Investors across California are upset about a surprise retroactive tax bill that could cost them millions in back taxes to the state of California. This California Retroactive Tax, in addition to the voter-approved income tax increase imposed by Proposition 30, has caused investors to be more thoughtful when deciding whether or not to fund a California-based company. Many are claiming that these decisions could cause long-term damage to California’s economy.
Federal income tax law currently allows for a certain deduction to be claimed from the sale or exchange of qualified small business stock, but California adopted its own provisions in 1993, which generally paralleled the federal scheme. However, the state of California offered a tax deduction to investors and founders of small businesses. This deduction allowed a 50% exclusion of any gain on the sale of “Qualified Small Business” (“QSB”) stock. The capital gain tax in California was essentially reduced from 9% to 4.5%, which encouraged entrepreneurs and their investors to keep their companies in California.
As exemplified by the large number of start-up companies in California, especially in the Bay Area, many investors took advantage of this deduction. Unfortunately for them, the August 2012 decision by the California Court of Appeals in Cutler v. Franchise Tax Board rendered the statute that allowed the tax deduction invalid and unenforceable because it discriminated against investors in out-of-state companies. California was forced to eliminate this tax deduction, and, even worse, applied this elimination retroactively to 2008. (It should be noted that the Court of Appeal’s decision only impacts the California QSB stock rules and not any federal tax benefits allowed by the Internal Revenue Code.)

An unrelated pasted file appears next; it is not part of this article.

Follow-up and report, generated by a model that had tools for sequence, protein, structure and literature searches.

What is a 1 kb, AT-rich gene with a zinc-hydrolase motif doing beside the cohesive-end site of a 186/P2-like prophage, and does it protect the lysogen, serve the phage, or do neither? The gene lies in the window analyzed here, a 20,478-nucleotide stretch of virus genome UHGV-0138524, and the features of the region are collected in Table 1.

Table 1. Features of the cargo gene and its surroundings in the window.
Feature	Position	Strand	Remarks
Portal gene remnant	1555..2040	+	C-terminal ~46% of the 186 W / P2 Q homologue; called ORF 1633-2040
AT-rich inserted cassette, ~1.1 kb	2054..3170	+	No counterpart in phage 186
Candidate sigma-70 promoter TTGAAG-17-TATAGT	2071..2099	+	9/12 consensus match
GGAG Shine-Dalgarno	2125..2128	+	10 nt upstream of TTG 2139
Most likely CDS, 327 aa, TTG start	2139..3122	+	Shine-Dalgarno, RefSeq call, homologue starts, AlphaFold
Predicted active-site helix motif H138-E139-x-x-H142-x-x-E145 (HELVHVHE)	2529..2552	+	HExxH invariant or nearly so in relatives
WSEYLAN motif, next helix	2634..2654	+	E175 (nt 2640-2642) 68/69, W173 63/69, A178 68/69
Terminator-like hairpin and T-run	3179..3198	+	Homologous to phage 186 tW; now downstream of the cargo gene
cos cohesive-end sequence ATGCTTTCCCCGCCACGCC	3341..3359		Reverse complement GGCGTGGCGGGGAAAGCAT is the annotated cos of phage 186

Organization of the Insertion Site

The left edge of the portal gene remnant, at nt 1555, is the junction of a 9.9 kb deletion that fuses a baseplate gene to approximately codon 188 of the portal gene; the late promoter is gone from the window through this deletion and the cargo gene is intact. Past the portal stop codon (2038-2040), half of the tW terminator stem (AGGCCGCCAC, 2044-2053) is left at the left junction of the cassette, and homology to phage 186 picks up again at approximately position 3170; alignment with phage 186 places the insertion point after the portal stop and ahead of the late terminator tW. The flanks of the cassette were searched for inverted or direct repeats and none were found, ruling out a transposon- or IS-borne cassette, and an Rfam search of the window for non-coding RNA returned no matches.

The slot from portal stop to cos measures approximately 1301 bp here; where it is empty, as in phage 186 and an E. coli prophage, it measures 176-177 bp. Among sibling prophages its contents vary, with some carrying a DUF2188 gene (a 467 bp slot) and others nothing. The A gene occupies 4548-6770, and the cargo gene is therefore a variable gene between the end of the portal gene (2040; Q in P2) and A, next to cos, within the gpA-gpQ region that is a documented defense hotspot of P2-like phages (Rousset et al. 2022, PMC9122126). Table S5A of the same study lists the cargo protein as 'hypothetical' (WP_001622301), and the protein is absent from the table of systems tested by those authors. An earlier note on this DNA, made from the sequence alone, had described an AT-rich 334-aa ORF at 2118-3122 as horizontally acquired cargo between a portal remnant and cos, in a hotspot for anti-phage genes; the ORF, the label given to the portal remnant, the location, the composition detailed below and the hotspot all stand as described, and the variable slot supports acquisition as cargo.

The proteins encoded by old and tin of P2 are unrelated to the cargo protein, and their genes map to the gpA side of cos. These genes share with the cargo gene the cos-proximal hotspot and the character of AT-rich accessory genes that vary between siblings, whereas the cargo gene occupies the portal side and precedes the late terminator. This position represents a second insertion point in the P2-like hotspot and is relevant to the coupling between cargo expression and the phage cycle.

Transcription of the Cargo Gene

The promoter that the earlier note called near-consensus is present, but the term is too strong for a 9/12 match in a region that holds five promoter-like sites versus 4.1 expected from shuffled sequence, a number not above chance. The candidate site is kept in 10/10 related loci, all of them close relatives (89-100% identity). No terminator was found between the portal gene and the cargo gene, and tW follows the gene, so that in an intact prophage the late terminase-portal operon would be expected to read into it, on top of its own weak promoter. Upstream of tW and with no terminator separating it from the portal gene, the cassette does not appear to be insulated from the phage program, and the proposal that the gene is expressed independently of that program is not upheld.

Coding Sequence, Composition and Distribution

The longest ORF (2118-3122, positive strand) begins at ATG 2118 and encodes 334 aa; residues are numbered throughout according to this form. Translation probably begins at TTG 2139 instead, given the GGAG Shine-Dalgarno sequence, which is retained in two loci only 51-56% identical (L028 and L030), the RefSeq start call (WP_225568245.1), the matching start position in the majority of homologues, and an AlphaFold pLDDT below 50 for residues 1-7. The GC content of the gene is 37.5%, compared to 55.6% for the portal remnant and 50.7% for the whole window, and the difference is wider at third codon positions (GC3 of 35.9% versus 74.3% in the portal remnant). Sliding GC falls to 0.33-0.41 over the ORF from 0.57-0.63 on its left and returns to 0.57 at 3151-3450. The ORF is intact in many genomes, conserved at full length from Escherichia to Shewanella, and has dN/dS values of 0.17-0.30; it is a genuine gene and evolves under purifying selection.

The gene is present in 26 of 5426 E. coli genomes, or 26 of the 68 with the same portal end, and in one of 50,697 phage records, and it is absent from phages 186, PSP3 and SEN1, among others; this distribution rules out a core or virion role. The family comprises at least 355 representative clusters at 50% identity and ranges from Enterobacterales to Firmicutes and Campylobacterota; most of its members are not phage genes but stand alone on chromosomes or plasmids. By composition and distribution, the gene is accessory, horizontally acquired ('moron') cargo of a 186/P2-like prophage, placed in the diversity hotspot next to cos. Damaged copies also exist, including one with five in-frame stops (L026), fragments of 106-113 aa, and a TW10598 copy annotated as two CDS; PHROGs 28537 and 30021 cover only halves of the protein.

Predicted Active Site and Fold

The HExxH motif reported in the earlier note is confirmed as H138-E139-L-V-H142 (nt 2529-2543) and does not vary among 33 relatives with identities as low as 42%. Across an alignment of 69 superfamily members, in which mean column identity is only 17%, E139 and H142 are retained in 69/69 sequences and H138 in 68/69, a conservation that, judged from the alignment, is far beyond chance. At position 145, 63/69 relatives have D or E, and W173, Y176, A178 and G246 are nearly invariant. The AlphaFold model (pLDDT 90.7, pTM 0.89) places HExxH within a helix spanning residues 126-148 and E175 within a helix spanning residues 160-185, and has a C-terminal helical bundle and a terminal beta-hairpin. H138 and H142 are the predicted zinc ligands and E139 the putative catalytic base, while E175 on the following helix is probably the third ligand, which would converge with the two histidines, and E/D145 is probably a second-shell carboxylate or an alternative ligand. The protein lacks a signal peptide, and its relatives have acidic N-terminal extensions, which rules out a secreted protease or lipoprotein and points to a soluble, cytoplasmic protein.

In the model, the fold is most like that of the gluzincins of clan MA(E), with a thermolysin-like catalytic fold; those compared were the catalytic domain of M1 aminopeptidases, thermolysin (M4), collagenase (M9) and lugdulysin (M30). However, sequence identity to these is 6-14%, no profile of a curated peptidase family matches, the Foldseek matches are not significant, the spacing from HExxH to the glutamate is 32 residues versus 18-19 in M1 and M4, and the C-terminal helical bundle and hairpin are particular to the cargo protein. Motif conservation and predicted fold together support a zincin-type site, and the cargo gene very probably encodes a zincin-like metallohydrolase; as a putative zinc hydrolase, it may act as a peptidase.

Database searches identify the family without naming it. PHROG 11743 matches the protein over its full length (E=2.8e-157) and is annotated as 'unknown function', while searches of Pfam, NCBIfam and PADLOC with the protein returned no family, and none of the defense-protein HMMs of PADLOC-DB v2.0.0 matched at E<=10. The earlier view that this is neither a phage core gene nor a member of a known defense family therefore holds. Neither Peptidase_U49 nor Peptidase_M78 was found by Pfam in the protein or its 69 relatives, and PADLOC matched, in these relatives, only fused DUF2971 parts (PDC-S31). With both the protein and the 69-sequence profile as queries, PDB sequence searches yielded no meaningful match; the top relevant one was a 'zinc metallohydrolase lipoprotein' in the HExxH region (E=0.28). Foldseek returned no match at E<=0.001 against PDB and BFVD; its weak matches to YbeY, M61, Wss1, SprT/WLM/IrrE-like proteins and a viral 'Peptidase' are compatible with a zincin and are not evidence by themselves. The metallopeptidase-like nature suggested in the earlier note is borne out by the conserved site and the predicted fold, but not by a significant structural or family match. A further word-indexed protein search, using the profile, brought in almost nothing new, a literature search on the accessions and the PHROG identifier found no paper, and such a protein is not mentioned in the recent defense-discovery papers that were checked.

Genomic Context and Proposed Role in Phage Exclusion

Basically, if you sold a California company in the past five years and applied this tax deduction, you now have to pay back the tax…with interest.
If you took advantage of the QSB deduction, you must now file amended tax returns for the years in which you applied the deductions. If you fail to do so, the California Franchise Tax Board will contact you and may impose a penalty. The California interest suspension rule that suspends the accrual of interest if an assertion of tax is not made within 36 months after a tax return is timely filed may prove advantageous for certain tax payers. If 36 months have already elapsed since your tax return was timely filed, you may want to consider waiting for the Franchise Tax Board to make an adjustment by Notice of Proposed Assessment instead of filing an amended return. In any case, it is recommended that you consult with a tax expert to determine your appropriate course of action in light of this retroactive decision.
More information on the QSB retroactive tax can be found on the California Franchise Tax Board Website.